I'm reading a paper that says that the solutions to this Diophantine system can be parametrized (system and parametrization below):$$u^2 - 5x^2 = y^2, \quad u^2 - x^2 = v^2.$$They say that every solution is of the form$$u = p^2 + 5q^2, \quad x = 2pq,$$$$u = m^2 + n^2, \quad x = 2mn.$$(The second is just the Pythagorean parametrization.) But they just say this comes from "methods expounded in standard number theory textbooks".

I'm interested in whether the parametrization still holds if we replace $5$ by some other number. But I can't find a reference for the proof.

Any way to prove this/any book you can direct me to?


  • $\begingroup$ Yes. But to decide not to work. $\endgroup$ – individ Sep 16 '16 at 17:38
  • 2
    $\begingroup$ You have only parametrized $x$ and $u$, but you've parametrized each of them twice. Perhaps you meant two of them to parametrize $y$ and $u$ instead? $\endgroup$ – Arthur Sep 16 '16 at 17:44
  • $\begingroup$ Or you meant to parameterize two different equations, rather than a system of equations? $\endgroup$ – Thomas Andrews Sep 16 '16 at 17:50
  • $\begingroup$ It is just common sense that NOT. I wonder ( I exaggerate a bit) if when 2+3=5 , the equality persists if I change 3 by 48. $\endgroup$ – Piquito Sep 16 '16 at 18:04

Rather than using "methods expounded in standard number theory textbooks" (perhaps along the usual determination of the Pythagorean triples?), and because your diophantine equations are homogeneous in $x, y, u, v$ , I prefer to put $X = x/u, Y = y/u, V = v/u$ . Then the original system is equivalent to the following system of two rational equations $ V^2 + X^2 = 1 , Y^2 + 5X^2 = 1$, which can easily be solved using Galois theory, more precisely Hilbert's theorem 90: in a cyclic extension of fields $L/K$, the elements of $L$ which have norm $1$ are exactly of the form $z/s(z)$, where $s$ is a generator of $Gal(L/K)$.

The first equation above reads $N(V + iX) = 1$, where $N$ is the norm of the quadratic extension $\mathbf Q(i)/\mathbf Q$ , with $i^2 = -1$ . Hilbert's 90 can be applied, taking $s$ = complex conjugation. By mere identification, one gets $u = m^2 + n^2 , v = m^2 - n^2 , x = 2mn$. Similarly, by applying Hilbert's 90 to $\mathbf Q(\sqrt-5)/\mathbf Q$ , one gets $u = p^2 + 5q^2 , y = p^2 - 5q^2 , x = 2pq$, as announced . So the answer to your question is YES, the same method can be applied to obtain the same type of parametrization when 5 is replaced by any positive integer.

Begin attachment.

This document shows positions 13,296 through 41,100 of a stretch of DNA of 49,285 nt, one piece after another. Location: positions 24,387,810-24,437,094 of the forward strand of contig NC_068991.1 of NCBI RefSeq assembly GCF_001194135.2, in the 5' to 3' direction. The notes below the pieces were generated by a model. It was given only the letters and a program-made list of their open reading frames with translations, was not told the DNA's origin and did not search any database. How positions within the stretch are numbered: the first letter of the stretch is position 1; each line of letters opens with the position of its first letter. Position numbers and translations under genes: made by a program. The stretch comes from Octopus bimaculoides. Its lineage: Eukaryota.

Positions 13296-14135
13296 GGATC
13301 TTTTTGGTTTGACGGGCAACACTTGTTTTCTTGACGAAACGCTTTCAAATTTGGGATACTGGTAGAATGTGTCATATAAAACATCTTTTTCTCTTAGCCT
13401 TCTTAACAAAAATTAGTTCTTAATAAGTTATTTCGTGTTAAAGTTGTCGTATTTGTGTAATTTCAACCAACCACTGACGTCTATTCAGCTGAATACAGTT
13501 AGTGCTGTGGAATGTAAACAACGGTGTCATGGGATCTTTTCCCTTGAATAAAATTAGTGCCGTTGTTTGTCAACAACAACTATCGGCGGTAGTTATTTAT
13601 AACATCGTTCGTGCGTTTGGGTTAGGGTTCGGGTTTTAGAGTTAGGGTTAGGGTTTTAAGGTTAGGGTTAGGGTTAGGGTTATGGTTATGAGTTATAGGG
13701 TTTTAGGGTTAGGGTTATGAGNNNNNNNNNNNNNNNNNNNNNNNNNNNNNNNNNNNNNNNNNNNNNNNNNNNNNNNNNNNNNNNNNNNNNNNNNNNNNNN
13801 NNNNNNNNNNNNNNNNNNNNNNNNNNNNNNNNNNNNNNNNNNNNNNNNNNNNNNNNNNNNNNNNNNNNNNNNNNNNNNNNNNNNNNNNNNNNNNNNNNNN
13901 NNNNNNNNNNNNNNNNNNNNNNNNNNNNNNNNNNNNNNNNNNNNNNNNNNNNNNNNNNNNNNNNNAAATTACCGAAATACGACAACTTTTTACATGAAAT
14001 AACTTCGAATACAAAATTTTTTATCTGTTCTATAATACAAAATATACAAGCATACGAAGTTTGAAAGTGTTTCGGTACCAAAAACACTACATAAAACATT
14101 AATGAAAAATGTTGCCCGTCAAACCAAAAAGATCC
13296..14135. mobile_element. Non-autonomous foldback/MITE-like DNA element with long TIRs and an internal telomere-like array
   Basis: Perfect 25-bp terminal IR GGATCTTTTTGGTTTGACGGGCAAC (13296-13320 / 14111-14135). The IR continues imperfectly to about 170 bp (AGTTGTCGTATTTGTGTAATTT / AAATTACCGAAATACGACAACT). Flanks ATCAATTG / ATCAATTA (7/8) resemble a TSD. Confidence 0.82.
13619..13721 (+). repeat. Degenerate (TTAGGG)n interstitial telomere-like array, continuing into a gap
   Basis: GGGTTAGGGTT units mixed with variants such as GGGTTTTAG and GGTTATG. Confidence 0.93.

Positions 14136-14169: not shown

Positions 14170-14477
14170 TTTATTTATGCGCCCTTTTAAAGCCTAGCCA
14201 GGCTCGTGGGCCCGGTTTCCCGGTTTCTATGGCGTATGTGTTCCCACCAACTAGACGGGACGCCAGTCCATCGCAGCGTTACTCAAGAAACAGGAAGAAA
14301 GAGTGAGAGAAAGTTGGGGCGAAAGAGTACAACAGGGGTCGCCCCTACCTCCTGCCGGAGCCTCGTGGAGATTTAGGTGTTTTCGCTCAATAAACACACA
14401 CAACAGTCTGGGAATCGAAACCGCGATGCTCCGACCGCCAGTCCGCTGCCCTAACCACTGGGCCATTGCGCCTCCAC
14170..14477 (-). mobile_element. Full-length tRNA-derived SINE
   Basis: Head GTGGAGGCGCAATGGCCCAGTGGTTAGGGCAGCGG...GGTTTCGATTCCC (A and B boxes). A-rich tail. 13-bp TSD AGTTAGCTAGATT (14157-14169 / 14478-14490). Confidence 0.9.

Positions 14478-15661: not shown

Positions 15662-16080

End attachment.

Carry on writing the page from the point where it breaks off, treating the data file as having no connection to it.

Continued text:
These are two separate equations, and the two solutions given are basically correct. For the first, $y=(p^2-5q^2)$ The second, as you say, is just a Pythagorean tripe, but $x$ could just as well be $m^2-n^2$ As to "can you replace the 5", in all three places, for the first equation, why not try it and see?

Update 17/9/2016 To prove that a parametric solution to the first equation is as given just calculate $$(p^2+5q^2)^2-(p^2-5q^2)^2-5(2pq)^2$$ to show it’s $0$

Similarly, when you replace 5 by $w$ $$(p^2+wq^2)^2-(p^2-wq^2)^2-w(2pq)^2 = 0$$ (Sorry, I can’t find the identically equal code.)

As it’s a homogeneous equation, we can add a linear factor, giving a parametric solution to $u^2-wx^2=y^2$ as $$y = k(p^2+wq^2)$$ $$u = k(p^2-wq^2)$$ $$x = 2kpq$$

Proof is longwinded, basically assuming a solution $(a,b,c)$ to $u^2-wx^2=y^2$ then showing it leads to this result.

Proof for the Pythagorean triple formula is given, for example, in Number Theory, J Hunter, Oliver & Boyd, 1964.

  • $\begingroup$ @JakobW Is your question about whether the parametrization still generates valid solutions (which is trivial to check for) or whether the parametrization still generates all solutions? (which requires a bit more thought). $\endgroup$ – Erick Wong Sep 16 '16 at 20:49
  • $\begingroup$ I found time to test this, for just $w=5$ To produce primitive solutions, $gcd(p,q)=1$ and $k$ is rational. $\endgroup$ – Old Peter Sep 17 '16 at 19:26

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